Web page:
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    Culture Change In Japan With Total Customer Focus

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    We are often asked if Total Customer Focus (TCF) works in other cultures, particularly in Asia where attitudes towards customer service, communication styles and cultural styles in general can be significantly different than in the West. It’s a great question, of course. The short answer is definitely yes. Despite differences in attitudes towards customers and customer service in countries like Japan, the core concepts, skills, tools and behaviors of TCF work equally well. According to Global Partners Japanese Associate Michiaki Lee, there are several areas where TCF can be especially effective in Japan.

    A different relationship between customers and suppliers

    In Japanese cultures, satisfying the customer emphasizes immediate response when the customer calls. The customer's power is significantly greater than the supplier's. Suppliers are expected to show "can-do" attitude and seldom say no. When they need to say no, suppliers should be logical, soft, and indirect.

    A Total Customer Focus tool that Japanese participants find useful in dealing with this 'Power Distance' is the Reasonable Possible Matrix. This tool can be easily used to identify the impossible/unreasonable zone without confrontation from the customer.

    Organizations can be more hierarchical and complex

    A strong group orientation in Asian countries such as Japan often creates a silo organization. In large companies, information is not shared across different departments.

    For example, operations people and procurement don't share the same information. When procurement talks to the supplier, their concern is only cost and never about quality and production efficiency. Different people have different interests - and sometimes information is incorrect.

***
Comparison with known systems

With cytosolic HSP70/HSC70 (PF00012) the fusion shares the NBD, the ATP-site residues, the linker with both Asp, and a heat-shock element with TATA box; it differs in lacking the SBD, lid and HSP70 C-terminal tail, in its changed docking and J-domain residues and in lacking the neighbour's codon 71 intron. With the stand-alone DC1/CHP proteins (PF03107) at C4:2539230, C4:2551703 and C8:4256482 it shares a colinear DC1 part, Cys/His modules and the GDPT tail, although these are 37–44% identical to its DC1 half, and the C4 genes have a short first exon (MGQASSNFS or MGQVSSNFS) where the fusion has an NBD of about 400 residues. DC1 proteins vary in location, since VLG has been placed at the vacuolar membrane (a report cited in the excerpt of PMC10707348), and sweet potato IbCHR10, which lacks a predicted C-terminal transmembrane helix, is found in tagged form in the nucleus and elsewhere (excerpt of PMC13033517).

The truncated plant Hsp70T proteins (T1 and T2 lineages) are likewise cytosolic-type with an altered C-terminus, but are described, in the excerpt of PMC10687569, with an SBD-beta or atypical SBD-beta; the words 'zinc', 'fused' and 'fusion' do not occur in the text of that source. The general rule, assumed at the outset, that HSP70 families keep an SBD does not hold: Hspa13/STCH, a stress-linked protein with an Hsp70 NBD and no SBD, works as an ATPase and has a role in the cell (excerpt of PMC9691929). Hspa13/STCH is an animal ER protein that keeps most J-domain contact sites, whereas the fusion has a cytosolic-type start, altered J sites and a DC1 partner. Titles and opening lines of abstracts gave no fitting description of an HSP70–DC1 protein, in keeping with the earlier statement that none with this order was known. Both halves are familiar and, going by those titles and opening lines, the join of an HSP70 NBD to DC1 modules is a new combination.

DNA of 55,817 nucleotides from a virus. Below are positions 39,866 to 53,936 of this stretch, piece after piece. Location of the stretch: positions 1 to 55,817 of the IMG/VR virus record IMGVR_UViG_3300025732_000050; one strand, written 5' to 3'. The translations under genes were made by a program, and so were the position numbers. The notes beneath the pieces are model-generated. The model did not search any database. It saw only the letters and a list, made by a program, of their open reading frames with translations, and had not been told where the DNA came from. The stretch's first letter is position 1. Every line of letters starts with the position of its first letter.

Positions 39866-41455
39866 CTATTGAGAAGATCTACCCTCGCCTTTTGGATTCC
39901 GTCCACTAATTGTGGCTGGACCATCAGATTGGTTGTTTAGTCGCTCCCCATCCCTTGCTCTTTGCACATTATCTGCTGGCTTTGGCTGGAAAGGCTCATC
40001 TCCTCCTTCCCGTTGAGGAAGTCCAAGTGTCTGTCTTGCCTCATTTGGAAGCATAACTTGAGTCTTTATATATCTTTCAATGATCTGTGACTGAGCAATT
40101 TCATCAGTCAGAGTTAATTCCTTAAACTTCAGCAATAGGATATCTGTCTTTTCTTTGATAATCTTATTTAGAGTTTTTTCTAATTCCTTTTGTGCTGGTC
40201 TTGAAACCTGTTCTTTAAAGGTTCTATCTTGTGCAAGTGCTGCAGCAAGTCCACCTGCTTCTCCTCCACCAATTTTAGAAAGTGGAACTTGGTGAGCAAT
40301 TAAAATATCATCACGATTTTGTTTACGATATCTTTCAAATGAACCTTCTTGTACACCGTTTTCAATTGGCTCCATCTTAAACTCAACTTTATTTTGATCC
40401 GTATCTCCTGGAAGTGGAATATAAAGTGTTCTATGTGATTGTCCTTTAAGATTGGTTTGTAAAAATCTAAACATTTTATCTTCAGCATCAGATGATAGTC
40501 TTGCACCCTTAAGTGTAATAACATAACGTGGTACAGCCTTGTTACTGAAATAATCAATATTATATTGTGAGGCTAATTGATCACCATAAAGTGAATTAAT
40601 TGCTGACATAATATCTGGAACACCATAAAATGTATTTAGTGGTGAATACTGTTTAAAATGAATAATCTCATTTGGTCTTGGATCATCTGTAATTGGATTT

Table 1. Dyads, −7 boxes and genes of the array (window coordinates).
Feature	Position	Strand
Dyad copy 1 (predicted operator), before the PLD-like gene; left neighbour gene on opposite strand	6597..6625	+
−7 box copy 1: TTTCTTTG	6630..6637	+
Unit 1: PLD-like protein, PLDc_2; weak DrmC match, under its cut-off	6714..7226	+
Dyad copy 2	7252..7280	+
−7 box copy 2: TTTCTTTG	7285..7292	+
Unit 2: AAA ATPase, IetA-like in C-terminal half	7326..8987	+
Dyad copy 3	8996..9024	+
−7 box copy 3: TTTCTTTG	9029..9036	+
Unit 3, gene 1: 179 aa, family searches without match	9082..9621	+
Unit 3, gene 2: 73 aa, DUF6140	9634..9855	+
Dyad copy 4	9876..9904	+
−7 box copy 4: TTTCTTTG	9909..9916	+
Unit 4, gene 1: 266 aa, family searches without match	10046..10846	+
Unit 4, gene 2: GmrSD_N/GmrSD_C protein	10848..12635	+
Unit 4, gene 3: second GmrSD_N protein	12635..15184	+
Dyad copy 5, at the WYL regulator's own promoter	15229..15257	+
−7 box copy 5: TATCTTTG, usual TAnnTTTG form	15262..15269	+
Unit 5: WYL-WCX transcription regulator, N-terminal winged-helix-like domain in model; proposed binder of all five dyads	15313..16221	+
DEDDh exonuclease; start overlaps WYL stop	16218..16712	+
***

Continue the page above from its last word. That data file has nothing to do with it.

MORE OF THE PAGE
To be effective in this environment, suppliers need to communicate with customers by multiple touch-points to verify the truth and confirm hidden 'below the waterline' issues.  

    Uncertainty avoidance further complicates interactions with customers and slows decision-making. Japanese business culture is very risk-averse. Customers are desperate to avoid failure and as a result, they usually require many reports in the short term before going forward with an action or decision. Suppliers need to clearly demonstrate the process they will use to solve problems with milestones that are short enough to provide reassurance that the solution will be closely watched. The TCF firefighting communication tool TAUC (Transparency; Accuracy; Urgency; Control) is very helpful to service engineers who find themselves in a situation where the customer is very nervous about the problem and the perceived risk of the proposed solution.

    Ask Informed Open Questions to avoid embarrassing the customer or you

    In Japan, asking questions can be dangerous if the question could make the customer look foolish, for example if the customer does not know the answer. Or the question could make the supplier look foolish if the customer thinks the supplier should know the answer. TCF teaches participants to ask ‘Informed’ open questions. These are open questions that, a) the customer would not expect the asker to know the answer to and b) are clear why the question is being asked. One of our favorite Informed Open Questions is, "What was happening when the machine (system, software, etc.) went down." Generally, the service supplier would not be expected to know what was happening at that moment because he/she wasn’t there. And the service person needs to know exactly what was happening at that moment in order to figure out what the potential problem might be. Informed Open Questions work especially well in Japan.

    Building rapport is also critical for effective communication in countries like Japan. Japanese people often don't express 100% of what they are thinking. When people tend to be more closed, it is difficult to discuss their 'below the waterline' issues. Building a good rapport is very important before asking many questions. Some informal setting, such as lunch, a coffee meeting or small private conversation will help. It may take more time depending on personality, but it is crucial for an open dialogue.

     

    Total Customer Focus has been a global program since we started implementing it with clients in 2010. More than half of the technical service and support people who have participated in TCF programs are based in Asia and India. TCF is available in Asian languages and is typically delivered by locally based facilitators. To learn more about Global Partners' capabilities in Asia contact Global Partners today.

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    Written by Michiaki Lee

    In Singapore and Japan, Michiaki Lee designs and provides leadership development programs and corporate training to multinational companies. As a trainer/facilitator, he has facilitated cross-cultural management workshops for Japanese MNCs in the Southeast Asia region. He is a native speaker in Japanese and also speaks English.

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